By Mie Elmhirst —
Dear fellow widow:
What was really wonderful about your husband? What were those qualities that brought out the best in you? What was it about your union that really worked? What was it that made you say, way back when, “This is the man for me”?
After my husband died, it took me awhile to remember the early stages of our relationship. This is because cancer showed up two months before we were married, and most of the 10 years of our marriage were snatched up by surgeries, chemotherapies, and other painful treatments.
His buoyant personality did not change as he navigated these various treatments. He remained always positive and hopeful. My personality, however, was not so lovely. I became ultra-serious, and mildly-to-not-so-mildly, neurotic. I was scared of losing him, so scared that I could not talk about it. I compensated by trying to make life perfect. But — this is a topic for later!
With the help of photos, many beautiful love letters, and my daughter’s remarkable memory, I was able to recall those early years. I was surprised to remember a time when he actually had hair! And I remember when we climbed mountains, we could go for hours not speaking, simply enjoying the smells of the damp earth and wet leaves, the sound of the wind whistling in the trees, and the breathtaking views.
I remember how we loved the fact that the two of us were together, alone in the woods, in the quiet, doing what we loved the most. I remember, 8 years later, how he smelled. I remember the way that he put those little stays that I thought were so weird in the collars of his dress shirts, and how he got on his knees every night to thank God for the day. And I remember waving him off to work in the morning thinking what a handsome man he really was.
Yes, I can remember some really good times. Spend some time remembering those time for yourself. It is important to do this.
And then remember the not-so-good times as well. What was difficult about your relationship? What were the challenges? What drove you crazy? What was it that made you look at other marriages and wonder if they had the same issues?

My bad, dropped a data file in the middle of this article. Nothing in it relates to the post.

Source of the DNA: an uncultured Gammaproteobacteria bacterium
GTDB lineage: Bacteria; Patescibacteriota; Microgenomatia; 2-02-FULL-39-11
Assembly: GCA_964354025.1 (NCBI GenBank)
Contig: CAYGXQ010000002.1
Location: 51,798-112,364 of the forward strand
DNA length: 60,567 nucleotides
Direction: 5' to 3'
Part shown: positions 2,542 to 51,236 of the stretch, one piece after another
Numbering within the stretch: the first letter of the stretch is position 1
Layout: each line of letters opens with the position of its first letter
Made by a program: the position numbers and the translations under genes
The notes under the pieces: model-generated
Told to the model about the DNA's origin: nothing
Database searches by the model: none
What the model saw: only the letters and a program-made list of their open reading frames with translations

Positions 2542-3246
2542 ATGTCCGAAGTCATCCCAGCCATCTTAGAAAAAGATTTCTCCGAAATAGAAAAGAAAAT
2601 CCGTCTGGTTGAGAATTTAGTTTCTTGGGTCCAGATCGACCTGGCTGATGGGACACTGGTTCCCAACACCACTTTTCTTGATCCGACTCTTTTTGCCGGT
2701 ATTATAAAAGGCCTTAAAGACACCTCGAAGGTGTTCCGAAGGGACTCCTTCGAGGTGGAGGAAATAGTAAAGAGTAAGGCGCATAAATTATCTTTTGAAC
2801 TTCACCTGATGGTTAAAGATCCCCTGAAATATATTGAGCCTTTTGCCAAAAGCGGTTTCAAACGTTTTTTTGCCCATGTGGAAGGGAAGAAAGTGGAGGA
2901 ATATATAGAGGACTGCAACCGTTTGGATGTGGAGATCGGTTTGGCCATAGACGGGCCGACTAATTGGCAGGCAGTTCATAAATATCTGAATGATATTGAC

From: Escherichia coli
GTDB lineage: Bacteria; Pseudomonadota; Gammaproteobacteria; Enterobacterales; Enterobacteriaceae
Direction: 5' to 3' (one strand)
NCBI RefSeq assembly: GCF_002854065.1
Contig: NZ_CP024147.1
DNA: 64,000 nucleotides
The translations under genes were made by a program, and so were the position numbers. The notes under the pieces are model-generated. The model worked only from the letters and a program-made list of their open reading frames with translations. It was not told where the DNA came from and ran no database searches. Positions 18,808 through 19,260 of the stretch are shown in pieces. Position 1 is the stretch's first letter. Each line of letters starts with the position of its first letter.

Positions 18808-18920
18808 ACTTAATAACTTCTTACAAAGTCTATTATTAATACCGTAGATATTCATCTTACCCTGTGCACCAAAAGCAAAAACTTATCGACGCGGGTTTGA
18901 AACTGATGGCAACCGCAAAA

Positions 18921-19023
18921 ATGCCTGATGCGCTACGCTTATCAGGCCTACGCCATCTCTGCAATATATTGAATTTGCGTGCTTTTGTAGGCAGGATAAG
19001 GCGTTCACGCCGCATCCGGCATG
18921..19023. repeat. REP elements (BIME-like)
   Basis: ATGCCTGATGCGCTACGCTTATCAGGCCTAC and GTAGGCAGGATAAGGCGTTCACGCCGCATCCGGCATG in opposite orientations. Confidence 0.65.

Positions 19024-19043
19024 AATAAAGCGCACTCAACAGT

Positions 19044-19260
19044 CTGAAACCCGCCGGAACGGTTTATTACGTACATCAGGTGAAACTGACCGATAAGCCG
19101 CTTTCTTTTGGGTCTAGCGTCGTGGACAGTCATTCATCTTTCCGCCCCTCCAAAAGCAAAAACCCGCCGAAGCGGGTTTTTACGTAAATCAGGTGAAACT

My biggest challenge was myself. When Mike got sick, I took on the role of emotional caregiver. He did not ask me to do this. How I had been raised, our societal values, my lack of self-esteem and my fear of losing him conspired to thrust me into this role.
As emotional caregiver, I put his needs above mine for the whole of our marriage. I did this so successfully that it seemed at times that he also forgot I had any needs at all. I am not blaming; I am simply stating what was.
So, just in case you think that I have sanctified my husband, think again. Mike was no angel. For one thing, he had a way of poking fun that made me crazy. And he could not understand my sensitivity. This was a frequent topic of heated conversation. Yes, we had our challenges, both because of who he was, and because of who I was.
Why is it necessary to look back, especially if it is painful to do so? Am I suggesting this simply for the sake of airing dirty laundry? Why must we who are left behind acknowledge anything that wasn’t positive?
There are many reasons – but the most important are the following: We must understand our challenges, our tendencies, so that when we are again in relationship, we will be ready respond to our new situations rather than react to them because of old unhealed wounds. If we don’t acknowledge the truth about the past we will be owned by it — and then, bound to repeat it.
If there is pain that we don’t acknowledge, it affects us. Just because it is not addressed doesn’t mean it isn’t there, festering. I am pretty sure that I have found my new special someone. As I type those words I feel excited, scared and happy. But most of all I feel very secure in the fact that I have done the work.
This new relationship is not just a fix-it. I am not in it in order to chase away loneliness. It is not a Band-Aid for pain. It is healthy and it is the product of a good amount of self-exploration. I have had to learn to ask for help. I have had to learn to speak up. I now can say things like, “No, that won’t work for me,” or “When you said such-and-such, I felt badly.” Or, “Will you take Anneke and I out for dinner Friday? It has been a really hard week.”
To move forward, we need to stay in reality. To look at the whole picture, rather than just the convenient, easy, fun part. If we are grounded in the whole truth, we are then available to share our lives with a special someone, if that is what we want.
Closure happens when we are at peace with the good memories and the not-so-good. Closure is when we are willing to acknowledge the whole picture; that he was a very real human being, a mixed bag, and that he was capable of making us happier than we thought we had a right to be, and he was also capable of disappointing and hurting us. Closure happens after we have done the work, and usually when we are not looking. It is that very quiet moment when we are finally at peace with what was and are capable of looking ahead with a sense of anticipation. We are then free to love once again.
Mie Elmhirst is founder of the website, www.widowsbreathe.com.Tags: grief, hope